5. Fabrika, S.; Sholukhova, O.; Becker, T.; Afanasiev, V.; Roth, M.; Sanchez, S.F. Crowded field 3D spectroscopy of LBV candidates in M 33. Astron. Astrophys. 2005, 437, 217–226. [Google Scholar] [CrossRef]
  6. Kurtev, R.; Sholukhova, O.; Borissova, J.; Georgiev, L. Romano’s Star in M33: LBV Candidate or LBV? Rev. Mex. 2001, 37, 57–61. [Google Scholar]
  7. Polcaro, V.F.; Gualandi, R.; Norci, L.; Rossi, C.; Viotti, R.F. The LBV nature of Romano’s star (GR 290) in M 33. Astron. Astrophys. 2003, 411, 193–196. [Google Scholar] [CrossRef]
  8. Polcaro, V.F.; Rossi, C.; Viotti, R.F.; Galleti, S.; Gualandi, R.; Norci, L. Optical Spectrophotometric Monitoring of the Extreme Luminous Blue Variable Star GR 290 (Romano’s Star) in M 33. Astron. J. 2011, 141, 18. [Google Scholar] [CrossRef]
  9. Humphreys, R.M.; Weis, K.; Davidson, K.; Bomans, D.J.; Burggraf, B. Luminous and Variable Stars in M31 and M33. II. Luminous Blue Variables, Candidate LBVs, Fe II Emission Line Stars, and Other Supergiants. Astrophys. J. 2014, 790, 48. [Google Scholar] [CrossRef]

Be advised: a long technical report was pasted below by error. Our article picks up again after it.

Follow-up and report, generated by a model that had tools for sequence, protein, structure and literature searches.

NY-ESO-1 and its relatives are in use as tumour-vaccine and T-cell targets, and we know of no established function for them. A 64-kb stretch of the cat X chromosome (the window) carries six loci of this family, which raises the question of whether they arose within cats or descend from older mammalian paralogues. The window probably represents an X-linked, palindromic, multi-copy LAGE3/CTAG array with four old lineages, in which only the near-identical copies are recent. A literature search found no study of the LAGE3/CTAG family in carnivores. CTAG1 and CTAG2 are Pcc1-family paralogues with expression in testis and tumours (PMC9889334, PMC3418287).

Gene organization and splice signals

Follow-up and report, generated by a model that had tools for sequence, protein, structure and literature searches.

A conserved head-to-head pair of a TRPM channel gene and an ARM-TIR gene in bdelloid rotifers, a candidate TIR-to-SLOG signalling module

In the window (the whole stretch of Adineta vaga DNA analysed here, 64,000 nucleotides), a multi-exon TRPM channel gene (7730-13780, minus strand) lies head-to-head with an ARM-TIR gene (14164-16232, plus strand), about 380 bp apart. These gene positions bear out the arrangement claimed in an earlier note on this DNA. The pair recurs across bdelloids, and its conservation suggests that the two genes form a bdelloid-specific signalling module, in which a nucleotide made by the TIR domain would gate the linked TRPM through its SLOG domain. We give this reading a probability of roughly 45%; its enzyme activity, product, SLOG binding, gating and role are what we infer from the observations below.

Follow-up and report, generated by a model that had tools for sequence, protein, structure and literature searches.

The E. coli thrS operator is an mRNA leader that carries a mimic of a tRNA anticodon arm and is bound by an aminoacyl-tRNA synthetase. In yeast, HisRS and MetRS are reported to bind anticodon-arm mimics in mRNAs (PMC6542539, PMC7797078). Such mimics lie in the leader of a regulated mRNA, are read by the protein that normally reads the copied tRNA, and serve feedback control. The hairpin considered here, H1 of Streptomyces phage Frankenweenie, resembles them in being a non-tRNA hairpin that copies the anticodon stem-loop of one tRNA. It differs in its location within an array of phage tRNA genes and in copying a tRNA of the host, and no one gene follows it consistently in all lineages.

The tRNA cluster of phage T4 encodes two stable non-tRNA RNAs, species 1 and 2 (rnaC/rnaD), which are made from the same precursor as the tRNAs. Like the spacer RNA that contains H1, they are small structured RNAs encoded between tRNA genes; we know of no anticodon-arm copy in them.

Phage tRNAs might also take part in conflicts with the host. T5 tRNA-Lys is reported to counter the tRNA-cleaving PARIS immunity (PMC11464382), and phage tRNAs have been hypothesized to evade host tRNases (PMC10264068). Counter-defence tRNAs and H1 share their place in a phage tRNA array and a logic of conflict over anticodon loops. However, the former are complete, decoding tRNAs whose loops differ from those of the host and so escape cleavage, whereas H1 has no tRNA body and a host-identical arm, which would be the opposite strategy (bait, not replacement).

10. Polcaro, V.F.; Maryeva, O.; Nesci, R.; Calabresi, M.; Chieffi, A.; Galleti, S.; Gualandi, R.; Haver, R.; Mills, O.F.; Osborn, W.H.; Pasquali, A.; Rossi, C.; Vasilyeva, T.; Viotti, R.F. GR 290 (Romano’s Star). II. Light History and Evolutionary State. Astron. J. 2016, 151, 149. [Google Scholar] [CrossRef]
  11. Humphreys, R.M.; Sandage, A. On the stellar content and structure of the spiral Galaxy M33. Astrophys. J. Suppl. Ser. 1980, 44, 319–381. [Google Scholar] [CrossRef]
  12. Ivanov, G.R.; Freedman, W.L.; Madore, B.F. A catalog of blue and red supergiants in M33. Astrophys. J. Suppl. Ser. 1993, 89, 85–122. [Google Scholar] [CrossRef]